If you live in New York City, the odds are that you’re going to see famous people now and then. Even if you don’t go to their high society parties and clubs (and I for one toss every invitation in the trash on principle), you’re just fairly likely to run into them as they walk upon the sidewalk, something which even the famous must do if ever-so-briefly. Celebrities are no doubt bothered a lot less in Manhattan than they would be outside of it, because most Manhattanites (whether native or New Yorkers-by-choice) are loathe to act like they are at all impressed or fazed by anything or anyone. And then don’t forget that for every A-level famous person there are at least twenty B and C-level ones, some of whose faces may be only teasingly familiar from bit parts on TV shows, and many of them also live in New York City at least part of the time.
If the missus and I were to go down the list of celebrities that we’ve seen at some point around town … well, it wouldn’t prove anything in particular (though I can’t resist noting that Soon-Yi is oddly much more quickly recognizable to me than Woody, when they are together). The most democratic location in Manhattan may be Central Park; whether you are rich or poor, unknown or famous, if you live in New York City, you are likely to periodically feel the yen to take a stroll in that oasis of greenery and peace, and we’ve seen quite a few famous mugs there over the years. However, there is now no question as to what has been our most memorable and surprising encounter, and it is also quite the most mysterious one. It happened about a month ago. I didn’t immediately think it was something to write about here, but in the end, it being positive rather than gossipy, I decided: “Why not?”
We were sitting on a bench in a fairly quiet area of Central Park with our dog, Billie, who was being groomed with various implements by the fairer of us two. It makes for a relatively amusing sight, I guess, with Billie—a quite nondescript mutt—perching on a lap getting brushed and hair flying everywhere. Billie sits alertly, keeping a constant watch for squirrels and other prey. People going by often smile, or chuckle, or stop to say hello (truth be told, to a sometimes wearying extent). We do not groom her for competition in any dog show, but merely to keep her shedding to some kind of tolerable level.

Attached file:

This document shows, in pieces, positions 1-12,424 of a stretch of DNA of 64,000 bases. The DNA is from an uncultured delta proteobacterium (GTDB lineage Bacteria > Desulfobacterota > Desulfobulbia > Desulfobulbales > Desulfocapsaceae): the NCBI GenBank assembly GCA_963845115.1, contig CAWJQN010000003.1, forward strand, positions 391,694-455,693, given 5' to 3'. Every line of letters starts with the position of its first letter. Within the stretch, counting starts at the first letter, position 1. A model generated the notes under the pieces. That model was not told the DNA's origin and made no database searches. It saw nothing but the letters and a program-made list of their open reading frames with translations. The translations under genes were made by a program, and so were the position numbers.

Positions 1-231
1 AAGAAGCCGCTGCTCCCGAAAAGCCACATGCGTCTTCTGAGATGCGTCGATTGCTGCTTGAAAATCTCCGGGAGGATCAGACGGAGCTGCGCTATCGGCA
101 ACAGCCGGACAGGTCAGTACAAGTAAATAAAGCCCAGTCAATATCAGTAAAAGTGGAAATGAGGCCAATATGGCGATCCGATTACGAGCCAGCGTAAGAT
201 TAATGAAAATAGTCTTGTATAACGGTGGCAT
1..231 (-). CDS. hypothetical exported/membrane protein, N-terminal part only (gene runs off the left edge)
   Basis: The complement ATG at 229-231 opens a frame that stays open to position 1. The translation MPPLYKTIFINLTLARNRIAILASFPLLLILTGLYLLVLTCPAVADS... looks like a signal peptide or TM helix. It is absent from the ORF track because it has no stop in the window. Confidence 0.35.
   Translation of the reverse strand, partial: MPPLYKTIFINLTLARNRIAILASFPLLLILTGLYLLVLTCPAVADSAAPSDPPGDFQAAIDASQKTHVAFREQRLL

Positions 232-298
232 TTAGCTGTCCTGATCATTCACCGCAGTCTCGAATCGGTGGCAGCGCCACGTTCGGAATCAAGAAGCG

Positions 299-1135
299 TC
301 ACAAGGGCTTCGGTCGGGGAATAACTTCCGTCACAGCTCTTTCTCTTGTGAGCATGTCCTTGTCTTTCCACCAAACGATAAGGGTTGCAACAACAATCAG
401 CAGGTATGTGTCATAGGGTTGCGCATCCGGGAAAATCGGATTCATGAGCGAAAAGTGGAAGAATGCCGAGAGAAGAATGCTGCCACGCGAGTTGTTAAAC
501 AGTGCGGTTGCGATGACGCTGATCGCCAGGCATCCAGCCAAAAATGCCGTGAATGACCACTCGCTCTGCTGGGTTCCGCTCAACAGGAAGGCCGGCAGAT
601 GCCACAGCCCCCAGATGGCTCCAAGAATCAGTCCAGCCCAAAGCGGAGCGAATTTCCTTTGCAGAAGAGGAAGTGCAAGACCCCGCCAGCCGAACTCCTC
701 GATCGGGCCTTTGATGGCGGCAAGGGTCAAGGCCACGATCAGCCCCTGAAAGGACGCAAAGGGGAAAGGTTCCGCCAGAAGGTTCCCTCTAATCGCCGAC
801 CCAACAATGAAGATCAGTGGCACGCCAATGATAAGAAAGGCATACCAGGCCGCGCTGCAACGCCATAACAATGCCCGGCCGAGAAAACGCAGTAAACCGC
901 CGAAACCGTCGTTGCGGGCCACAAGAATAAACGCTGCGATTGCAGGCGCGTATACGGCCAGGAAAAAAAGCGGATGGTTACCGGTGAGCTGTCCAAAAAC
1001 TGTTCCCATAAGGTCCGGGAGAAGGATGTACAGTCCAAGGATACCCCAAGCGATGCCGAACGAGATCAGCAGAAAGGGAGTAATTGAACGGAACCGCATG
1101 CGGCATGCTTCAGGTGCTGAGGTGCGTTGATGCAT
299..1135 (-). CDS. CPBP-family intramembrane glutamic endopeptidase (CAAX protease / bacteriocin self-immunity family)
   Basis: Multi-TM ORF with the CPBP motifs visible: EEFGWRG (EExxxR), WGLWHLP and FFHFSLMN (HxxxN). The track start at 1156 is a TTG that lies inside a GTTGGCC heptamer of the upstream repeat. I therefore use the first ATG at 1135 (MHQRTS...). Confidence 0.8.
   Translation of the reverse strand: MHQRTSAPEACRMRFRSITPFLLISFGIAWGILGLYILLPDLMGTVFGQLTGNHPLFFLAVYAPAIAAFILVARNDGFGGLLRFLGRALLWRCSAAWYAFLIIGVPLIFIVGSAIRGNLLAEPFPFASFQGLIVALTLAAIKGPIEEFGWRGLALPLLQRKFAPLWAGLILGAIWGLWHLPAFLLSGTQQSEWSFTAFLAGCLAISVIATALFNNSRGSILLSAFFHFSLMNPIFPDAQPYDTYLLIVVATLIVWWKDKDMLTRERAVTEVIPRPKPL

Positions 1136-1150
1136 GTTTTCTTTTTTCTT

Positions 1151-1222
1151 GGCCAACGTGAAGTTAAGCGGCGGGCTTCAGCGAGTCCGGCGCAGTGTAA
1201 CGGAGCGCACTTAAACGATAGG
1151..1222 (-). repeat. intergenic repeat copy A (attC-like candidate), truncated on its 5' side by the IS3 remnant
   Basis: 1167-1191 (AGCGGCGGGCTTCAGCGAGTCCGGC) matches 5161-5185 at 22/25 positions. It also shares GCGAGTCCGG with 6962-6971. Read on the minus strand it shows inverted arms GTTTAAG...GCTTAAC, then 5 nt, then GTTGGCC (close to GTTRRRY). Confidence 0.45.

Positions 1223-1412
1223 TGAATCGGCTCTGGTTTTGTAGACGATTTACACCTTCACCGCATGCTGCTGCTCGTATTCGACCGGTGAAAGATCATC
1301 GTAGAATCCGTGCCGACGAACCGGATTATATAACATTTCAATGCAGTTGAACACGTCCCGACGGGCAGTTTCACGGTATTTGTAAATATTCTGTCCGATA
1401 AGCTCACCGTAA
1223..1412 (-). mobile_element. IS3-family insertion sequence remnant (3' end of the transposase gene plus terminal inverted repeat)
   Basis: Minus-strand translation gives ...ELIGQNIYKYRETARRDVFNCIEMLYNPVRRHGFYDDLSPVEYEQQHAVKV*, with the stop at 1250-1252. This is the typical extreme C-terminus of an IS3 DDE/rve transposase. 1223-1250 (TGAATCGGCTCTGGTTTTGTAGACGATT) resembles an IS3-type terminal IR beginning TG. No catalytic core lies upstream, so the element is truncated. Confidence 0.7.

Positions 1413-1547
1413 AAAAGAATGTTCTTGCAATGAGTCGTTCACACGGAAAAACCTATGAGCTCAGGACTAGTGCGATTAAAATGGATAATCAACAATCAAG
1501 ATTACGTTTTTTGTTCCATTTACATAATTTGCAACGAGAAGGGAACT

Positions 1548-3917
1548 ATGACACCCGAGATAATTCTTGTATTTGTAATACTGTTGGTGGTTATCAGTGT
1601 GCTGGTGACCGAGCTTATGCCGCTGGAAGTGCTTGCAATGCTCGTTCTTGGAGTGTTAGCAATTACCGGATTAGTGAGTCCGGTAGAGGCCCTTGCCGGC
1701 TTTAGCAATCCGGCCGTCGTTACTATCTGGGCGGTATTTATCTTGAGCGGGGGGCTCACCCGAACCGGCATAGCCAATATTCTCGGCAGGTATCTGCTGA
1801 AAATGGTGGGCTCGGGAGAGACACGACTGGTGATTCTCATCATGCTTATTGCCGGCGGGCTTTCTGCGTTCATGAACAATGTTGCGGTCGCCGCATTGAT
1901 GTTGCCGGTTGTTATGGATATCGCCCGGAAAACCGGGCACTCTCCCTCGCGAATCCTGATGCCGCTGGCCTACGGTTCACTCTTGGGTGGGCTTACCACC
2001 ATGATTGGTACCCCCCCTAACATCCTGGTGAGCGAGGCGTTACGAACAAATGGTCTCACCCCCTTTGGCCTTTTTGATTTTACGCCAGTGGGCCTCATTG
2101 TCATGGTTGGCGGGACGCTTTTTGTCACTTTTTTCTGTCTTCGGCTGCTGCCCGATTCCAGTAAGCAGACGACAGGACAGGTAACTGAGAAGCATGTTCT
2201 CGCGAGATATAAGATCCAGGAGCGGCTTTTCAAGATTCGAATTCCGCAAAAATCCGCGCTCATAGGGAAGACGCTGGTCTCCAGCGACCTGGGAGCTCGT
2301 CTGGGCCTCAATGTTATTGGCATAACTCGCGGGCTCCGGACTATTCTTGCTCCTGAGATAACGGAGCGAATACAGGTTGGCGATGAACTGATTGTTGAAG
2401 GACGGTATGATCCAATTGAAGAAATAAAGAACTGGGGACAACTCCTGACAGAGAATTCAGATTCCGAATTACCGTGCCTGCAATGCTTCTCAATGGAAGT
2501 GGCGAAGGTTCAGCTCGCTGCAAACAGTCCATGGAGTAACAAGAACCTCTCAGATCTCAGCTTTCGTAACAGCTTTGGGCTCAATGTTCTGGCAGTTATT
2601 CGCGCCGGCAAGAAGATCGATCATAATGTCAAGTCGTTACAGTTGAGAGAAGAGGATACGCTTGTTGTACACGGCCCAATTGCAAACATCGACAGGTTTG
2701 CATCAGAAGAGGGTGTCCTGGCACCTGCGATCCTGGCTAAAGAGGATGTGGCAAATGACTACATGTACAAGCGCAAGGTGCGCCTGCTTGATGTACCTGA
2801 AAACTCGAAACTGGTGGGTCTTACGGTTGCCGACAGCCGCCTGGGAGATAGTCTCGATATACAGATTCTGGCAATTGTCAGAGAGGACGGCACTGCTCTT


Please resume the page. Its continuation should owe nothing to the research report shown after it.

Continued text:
So it was not of any great note that an older gentleman walking by with his small white dog smiled as he passed by. He was seeing my wife, a very beautiful woman, grooming this little mutt on her lap, with fur flying all about. I’m quite sure he didn’t notice the slob sitting beside her at all. And I wouldn’t have noticed him either—just another white-haired man in a cap and sunglasses walking his dog—except for that smile which I happened to catch. The smile, in profile, was somehow recognizable. My brain immediately retrieved the name of a guy with that particular smile. And nothing about the rest of his appearance said that it couldn’t be him. Yet, it was crazy to think that this particular guy would be walking a little white dog in Central Park. That’s the very last place he should be, and the very last thing he should be doing. I decided to just let it go, and not even mention it to my wife, in case she would think I was losing my marbles.
A half a minute later, still grooming our dog, she remarked, “I thought that guy looked kind of like Clint Eastwood.”
“That’s just what I thought!” I said.
“But it can’t be, can it?” she said.